Jim Lauderdale & Donna The Buffalo – Odyssey (Ithaca, NY)
Jim Lauderdale was an instant fan from the moment he saw Donna The Buffalo perform at Merlefest in 1998. They crossed paths again on the Newport Folk Festival tour that summer, and cemented their kinship onstage at Telluride the following year.
In retrospect, what the country singer saw in the genre-jumping band was players having a joyous time, with a dayglo spirituality and a solid groove in their country-reggae-zydeco to match his most rocking and eclectic songs. What they saw in him was a kindred spirit brought up on the mountain music they love, with the classic/cosmic country aura of his hero Gram Parsons.
“Donna Sings Jim,” as he calls it, is a whole other sideline for a songwriter who has collaborated with the likes of Harlan Howard, Ralph Stanley and Buddy Miller. Lauderdale is one of the family now at Donna The Buffalo’s Finger Lakes GrassRoots Festival, a midsummer revel of culture-hopping world and roots music in upstate New York. The singer knows he can have a little fun as the country boy surrounded by hippies.
Returning like a brother from college to kick off Donna The Buffalo’s annual holiday weekend in mid-December, Lauderdale was dressed not in tie-dye but an electric-blue embroidered suit. Playing under a peace sign made of holly leaves and white lights, on a converted Masonic theater stage flanked by snowmen and menorahs, at that.
Per his usual format, Lauderdale played the first couple tunes alone, acoustic but forceful (“Three Way Conversation”) and tender (“Onward Through It All”). Next, Donna guitarist Jim Miller joined in to provide the Stanley vocal harmony on “I Will Wait For You”.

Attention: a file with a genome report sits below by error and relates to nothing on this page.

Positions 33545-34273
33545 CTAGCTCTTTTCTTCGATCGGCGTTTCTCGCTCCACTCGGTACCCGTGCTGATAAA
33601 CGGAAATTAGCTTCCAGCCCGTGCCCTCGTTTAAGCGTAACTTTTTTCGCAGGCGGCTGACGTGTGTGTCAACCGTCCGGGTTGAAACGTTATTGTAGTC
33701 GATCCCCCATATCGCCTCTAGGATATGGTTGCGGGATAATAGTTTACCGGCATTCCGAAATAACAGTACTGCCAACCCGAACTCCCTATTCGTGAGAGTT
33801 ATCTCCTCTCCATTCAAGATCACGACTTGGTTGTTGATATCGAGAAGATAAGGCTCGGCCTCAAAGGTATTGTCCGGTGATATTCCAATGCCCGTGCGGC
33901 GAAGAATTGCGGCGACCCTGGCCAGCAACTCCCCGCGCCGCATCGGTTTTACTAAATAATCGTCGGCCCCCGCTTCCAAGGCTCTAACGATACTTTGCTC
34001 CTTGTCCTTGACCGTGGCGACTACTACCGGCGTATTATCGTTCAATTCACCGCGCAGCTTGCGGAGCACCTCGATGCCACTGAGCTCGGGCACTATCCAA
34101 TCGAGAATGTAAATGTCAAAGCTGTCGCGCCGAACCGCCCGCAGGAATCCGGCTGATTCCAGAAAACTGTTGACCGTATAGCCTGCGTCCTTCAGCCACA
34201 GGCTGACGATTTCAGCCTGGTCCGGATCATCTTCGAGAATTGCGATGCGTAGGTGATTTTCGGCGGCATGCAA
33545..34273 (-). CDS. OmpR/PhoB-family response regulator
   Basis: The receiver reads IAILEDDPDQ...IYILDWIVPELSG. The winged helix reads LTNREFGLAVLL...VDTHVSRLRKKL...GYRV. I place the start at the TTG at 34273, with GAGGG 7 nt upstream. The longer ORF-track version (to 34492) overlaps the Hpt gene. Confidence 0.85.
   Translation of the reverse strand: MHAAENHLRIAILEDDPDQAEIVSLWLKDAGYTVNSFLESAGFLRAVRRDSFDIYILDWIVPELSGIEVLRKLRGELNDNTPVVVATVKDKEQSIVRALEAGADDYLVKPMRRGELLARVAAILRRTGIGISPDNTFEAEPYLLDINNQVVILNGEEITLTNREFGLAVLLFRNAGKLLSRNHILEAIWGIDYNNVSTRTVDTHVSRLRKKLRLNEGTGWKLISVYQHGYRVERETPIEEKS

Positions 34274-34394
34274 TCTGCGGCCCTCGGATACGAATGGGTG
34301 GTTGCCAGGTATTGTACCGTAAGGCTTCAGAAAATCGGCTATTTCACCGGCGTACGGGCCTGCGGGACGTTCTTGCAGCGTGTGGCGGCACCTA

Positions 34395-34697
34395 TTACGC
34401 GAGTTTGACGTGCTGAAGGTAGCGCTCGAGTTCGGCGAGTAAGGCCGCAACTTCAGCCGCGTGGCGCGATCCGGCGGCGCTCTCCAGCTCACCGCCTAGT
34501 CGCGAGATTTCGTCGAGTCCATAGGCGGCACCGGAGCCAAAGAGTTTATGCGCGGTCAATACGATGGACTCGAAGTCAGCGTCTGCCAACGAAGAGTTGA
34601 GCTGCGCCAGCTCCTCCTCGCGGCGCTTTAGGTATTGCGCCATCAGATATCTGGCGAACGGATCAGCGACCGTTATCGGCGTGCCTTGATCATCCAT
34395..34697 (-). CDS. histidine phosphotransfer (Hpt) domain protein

The band then launched into “This Is The Big Time”, with Tara Nevins’ soulful fiddle solos unspooling over Miller’s country picking, Lauderdale and Miller’s vocals, Jeb Puryear’s gliding pedal steel, Jed Greenberg’s bass and Tom Gilbert’s drums.
For a guy so soft-spoken and down-home in conversation, Lauderdale is transformed onstage, all soul-shouting fervor and sexual energy on “Life By Numbers” and “Divide And Conquer”. Donna shifts rhythmic gears with him, going from the jazzy “It’s A Trap” to the bossa nova “We Really Shouldn’t Be Doing This”, then slowing things down for “That’s Not The Way It Works” and “You Don’t Seem To Miss Me”.
Lauderdale also came here to do some long-promised writing and recording with the band, so they debut a new song hammered out earlier that day, “This World’s Getting Mean”, in a shambling but powerful old-time mountain gospel arrangement. They also deliver Merle Haggard’s “The Fugitive” and Lauderdale’s signature rocker “Halfway Down”, two songs Miller covered on his solo CD.
By the encore — total rock ‘n’ roll, the Beatles’ “Slow Down” — the crowd was sweating along with them. Lauderdale headed for the club’s lounge to chat with fans while Marie Burns’ acoustic country combo performed.
After a break, the host band choogled through their own unflagging set until well past 1 a.m., with another night and a day of music ahead, backing Louisiana zydeco master Preston Frank. Plus studio time for more new songs with Lauderdale, destined for one of three albums he wants to release this year, and for another collaborative set at this year’s Merlefest — where it all began.